Rome is a wonderful city full of fascinating historical details. Thousands of years of history provides for countless tales of feuds and drama, and you can’t go far without stumbling across piles of ruins. We really enjoyed exploring and taking tours to learn more about the food culture, the history of the Colosseum, and the tiny nation of the Vatican. But after several days of looking at the details, we wanted to see views of Rome from above.
Andy stumbled across something online about Gianicolo Hill where we would have amazing views of Rome. So we hopped on a bus (check out Andy’s post here for more photos and how to get there) and made our way up to the top after lunch one day.
At the center of the road where the bus stops are, there is a big statue of Garibaldi, the man who united Italy in the 1860s, riding a horse. His statue is everywhere in Italy, so this wasn’t really surprising. Around the edges of the piazza are vendors selling postcards and other souvenirs as well as drinks and snacks. But have no fear, there were only a few and this was not a crowded place.
Picking out the monuments
From this vantage point, we could see so much of the city. I loved the overall views, but it was also fun to try to find the famous monuments throughout the city.
The first thing we recognized was Piazza Venezia. That bright white building can be seen from just about anywhere.
Then we started searching for the Colosseum. Big as it is, it was not so easy to find. Its coloring blends in with so many other buildings around it, and it is quite far from where we were standing. I wasn’t even positive I had found it while we were on the hill because I was stretching the limits of my zoom lens and it was hard to see the screen on my camera in the sunlight. But after looking at the photos on my laptop, and even cropping this one a bit, I’m convinced we had it right.
We were able to pick out what I assume is Palatine Hill near the Colosseum. It’s an impressive collection of ruins when viewed up close and from far away.
One of the few castles we didn’t actually visit on our trip was Castelo Sant’Angelo, but we did see it from our viewpoint. It’s the circular building behind the big domed one.
We even saw the bridge in the Garbatella neighborhood where we were staying.
For some reason the Vatican had us stumped. We knew about the rule that states no building in Rome can be taller than St. Peter’s Cathedral in Vatican City, but we couldn’t tell which of the many, many domes we saw was St. Peter’s.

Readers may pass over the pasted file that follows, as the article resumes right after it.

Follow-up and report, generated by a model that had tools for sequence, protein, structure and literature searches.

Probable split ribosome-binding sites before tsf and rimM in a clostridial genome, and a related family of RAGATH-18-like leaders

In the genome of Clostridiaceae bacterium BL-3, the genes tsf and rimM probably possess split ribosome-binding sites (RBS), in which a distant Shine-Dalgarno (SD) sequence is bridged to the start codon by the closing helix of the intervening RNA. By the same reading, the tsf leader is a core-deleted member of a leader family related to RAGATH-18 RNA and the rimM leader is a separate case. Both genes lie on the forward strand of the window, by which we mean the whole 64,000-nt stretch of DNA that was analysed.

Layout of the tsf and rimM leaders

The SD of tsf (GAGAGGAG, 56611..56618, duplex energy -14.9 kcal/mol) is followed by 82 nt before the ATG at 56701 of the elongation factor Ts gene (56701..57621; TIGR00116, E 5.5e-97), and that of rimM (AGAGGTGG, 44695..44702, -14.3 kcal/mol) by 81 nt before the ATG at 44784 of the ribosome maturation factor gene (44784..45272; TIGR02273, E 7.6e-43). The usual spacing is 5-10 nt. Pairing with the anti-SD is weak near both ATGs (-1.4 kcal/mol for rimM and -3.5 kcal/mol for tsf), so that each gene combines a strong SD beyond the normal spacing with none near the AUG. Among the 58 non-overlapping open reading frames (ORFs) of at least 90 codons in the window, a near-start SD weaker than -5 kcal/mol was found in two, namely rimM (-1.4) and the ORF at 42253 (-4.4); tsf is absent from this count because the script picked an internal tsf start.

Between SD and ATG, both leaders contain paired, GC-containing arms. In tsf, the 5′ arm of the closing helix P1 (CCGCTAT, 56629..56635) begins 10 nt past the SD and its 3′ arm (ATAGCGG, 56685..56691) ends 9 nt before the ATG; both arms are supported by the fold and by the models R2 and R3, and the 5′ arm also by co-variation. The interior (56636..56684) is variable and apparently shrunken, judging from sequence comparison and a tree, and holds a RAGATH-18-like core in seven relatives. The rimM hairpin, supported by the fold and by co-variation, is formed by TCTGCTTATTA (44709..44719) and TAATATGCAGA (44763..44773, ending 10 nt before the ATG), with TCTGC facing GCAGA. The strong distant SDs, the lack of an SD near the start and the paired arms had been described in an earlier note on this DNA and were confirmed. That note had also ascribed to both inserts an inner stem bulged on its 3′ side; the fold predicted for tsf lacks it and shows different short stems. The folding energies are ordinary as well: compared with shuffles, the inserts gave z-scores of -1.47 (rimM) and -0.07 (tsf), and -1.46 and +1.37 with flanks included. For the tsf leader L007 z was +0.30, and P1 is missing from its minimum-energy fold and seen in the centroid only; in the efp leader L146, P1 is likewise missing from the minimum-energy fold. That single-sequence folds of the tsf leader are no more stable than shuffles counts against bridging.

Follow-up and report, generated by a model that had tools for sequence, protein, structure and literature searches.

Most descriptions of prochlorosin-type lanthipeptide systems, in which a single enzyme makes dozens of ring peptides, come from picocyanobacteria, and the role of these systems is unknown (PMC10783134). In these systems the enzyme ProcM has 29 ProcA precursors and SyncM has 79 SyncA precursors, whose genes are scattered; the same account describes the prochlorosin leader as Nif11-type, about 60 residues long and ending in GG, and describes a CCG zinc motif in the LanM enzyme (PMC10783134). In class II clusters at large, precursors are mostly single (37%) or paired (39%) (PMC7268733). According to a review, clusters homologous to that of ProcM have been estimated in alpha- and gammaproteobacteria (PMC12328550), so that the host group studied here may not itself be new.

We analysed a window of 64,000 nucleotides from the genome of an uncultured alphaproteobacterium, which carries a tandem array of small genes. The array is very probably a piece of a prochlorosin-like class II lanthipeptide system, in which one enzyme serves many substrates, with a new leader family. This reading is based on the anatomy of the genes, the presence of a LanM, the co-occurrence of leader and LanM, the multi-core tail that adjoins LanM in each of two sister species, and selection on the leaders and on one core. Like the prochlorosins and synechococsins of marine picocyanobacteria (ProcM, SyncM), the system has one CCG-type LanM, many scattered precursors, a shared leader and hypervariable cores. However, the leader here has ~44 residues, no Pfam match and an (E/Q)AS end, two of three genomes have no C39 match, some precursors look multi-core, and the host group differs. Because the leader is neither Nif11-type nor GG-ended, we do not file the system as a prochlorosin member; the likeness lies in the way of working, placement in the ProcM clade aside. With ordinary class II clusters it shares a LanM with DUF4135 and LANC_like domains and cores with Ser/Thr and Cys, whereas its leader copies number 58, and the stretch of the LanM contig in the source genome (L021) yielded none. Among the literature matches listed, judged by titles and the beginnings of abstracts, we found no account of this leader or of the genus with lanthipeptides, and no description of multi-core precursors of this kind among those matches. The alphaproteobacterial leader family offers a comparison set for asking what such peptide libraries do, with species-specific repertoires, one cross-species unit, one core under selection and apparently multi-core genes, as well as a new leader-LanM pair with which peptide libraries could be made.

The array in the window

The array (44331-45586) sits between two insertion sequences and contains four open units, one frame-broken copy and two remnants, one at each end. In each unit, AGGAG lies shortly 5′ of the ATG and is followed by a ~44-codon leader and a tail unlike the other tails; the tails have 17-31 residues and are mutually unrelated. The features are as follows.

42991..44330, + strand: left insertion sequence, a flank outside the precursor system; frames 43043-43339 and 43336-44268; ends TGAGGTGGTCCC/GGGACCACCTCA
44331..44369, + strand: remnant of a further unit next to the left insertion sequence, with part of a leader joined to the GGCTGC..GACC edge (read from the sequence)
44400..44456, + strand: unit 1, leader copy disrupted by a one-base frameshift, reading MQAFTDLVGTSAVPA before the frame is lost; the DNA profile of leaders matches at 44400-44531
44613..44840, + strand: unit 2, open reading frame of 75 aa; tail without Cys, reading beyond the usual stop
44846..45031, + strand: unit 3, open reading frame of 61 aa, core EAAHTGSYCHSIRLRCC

Eventually we decided there was no way of knowing which one we were looking for, and we walked across the street to see what the views looked like from over there. And that’s when we saw it, unmistakably St. Peter’s Cathedral.
>>The Vatican is the smallest country in Europe. Read more about it and the other smallest countries in Europe.
Views from our apartment
The apartment we rented in Rome was a little farther out of the center then we would’ve liked, but other than that, it was the best apartment we had the entire trip. One of the best parts was the view. The shower had full length windows that you could see through from the inside, but luckily you could not see through from the outside. See that dome through the trees? That’s St. Peter’s in Vatican City.
The apartment was also a great place to watch the sunset or storm clouds roll in. Luckily that was on a day we planned to stay in anyway.
Rome is so full of history, and I highly recommend going to see at least some of the big sights. But take a few hours to get away from the crowds, go to Gianicolo Hill, and enjoy the wonderful views of this ancient city. Just don’t forget your camera!
You might also enjoy:
- Unconventional Italy Guidebook: 100 Locals Tell You Where to Go, What to Eat, and How to Fit In
- Behind the Scenes at the Colosseum in Rome
- Which Food Tour in Rome Should You Take?
- How Much We Spent Traveling in Rome